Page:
Agnon's Temol Shilshom (Only Yesterday) masterfully depicts twentieth century Palestinian Jewish life and responds critically to Second Aliyah narratives popular in his day which lauded seasonal workers and stressed their critical role in Yishuv development. Agnon found the Second Aliyah image contrived; his novel presents an alternative view of the period. His protagonist Isaac Kumer, like other Second Aliyah workers, proves unable to resolve the ongoing tension between Zionist commitment and his lingering feelings of familial obligation. When he fails to participate in the grand redemptive narrative that would enable him simultaneously to persevere as a Zionist and aid his family, he is punished, "sacrificed" as a self-absorbed immigrant whose preoccupation with his own needs prevents him from conceiving a grander Zionist vision that would address the needs of European Jewry. In the wake of the Holocaust, Agnon encourages a broadening of the vision to meet the survivors' needs.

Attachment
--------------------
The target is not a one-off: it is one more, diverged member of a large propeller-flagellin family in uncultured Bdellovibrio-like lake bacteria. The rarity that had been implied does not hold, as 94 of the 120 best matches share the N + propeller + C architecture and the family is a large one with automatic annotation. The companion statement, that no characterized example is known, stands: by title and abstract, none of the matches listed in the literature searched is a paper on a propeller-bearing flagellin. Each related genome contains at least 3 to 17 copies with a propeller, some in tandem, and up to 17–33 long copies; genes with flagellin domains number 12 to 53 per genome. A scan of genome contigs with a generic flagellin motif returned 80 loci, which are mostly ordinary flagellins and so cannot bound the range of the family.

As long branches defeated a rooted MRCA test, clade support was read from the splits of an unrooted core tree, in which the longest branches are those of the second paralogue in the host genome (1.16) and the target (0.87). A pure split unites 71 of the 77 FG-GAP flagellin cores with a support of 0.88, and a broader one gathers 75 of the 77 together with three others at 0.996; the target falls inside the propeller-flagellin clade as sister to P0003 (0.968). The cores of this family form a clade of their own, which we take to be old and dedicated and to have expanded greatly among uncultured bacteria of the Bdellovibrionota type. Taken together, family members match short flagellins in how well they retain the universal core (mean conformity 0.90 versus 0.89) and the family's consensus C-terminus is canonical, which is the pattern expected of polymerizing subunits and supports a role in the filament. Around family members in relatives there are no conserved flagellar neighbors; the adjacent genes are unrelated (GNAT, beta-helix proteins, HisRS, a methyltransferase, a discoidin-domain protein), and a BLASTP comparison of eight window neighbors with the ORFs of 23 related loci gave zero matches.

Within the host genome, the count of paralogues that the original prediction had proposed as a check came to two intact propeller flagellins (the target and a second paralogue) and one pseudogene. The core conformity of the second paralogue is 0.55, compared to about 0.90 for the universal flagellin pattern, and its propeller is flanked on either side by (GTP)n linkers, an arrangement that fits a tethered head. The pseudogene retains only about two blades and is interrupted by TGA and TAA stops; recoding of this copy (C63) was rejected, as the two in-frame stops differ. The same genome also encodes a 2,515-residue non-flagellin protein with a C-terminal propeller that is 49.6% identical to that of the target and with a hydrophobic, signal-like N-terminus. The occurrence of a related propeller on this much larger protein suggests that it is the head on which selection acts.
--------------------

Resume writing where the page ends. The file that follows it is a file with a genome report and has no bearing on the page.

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ASJC Scopus subject areas
- Cultural Studies
- Sociology and Political Science
- Political Science and International Relations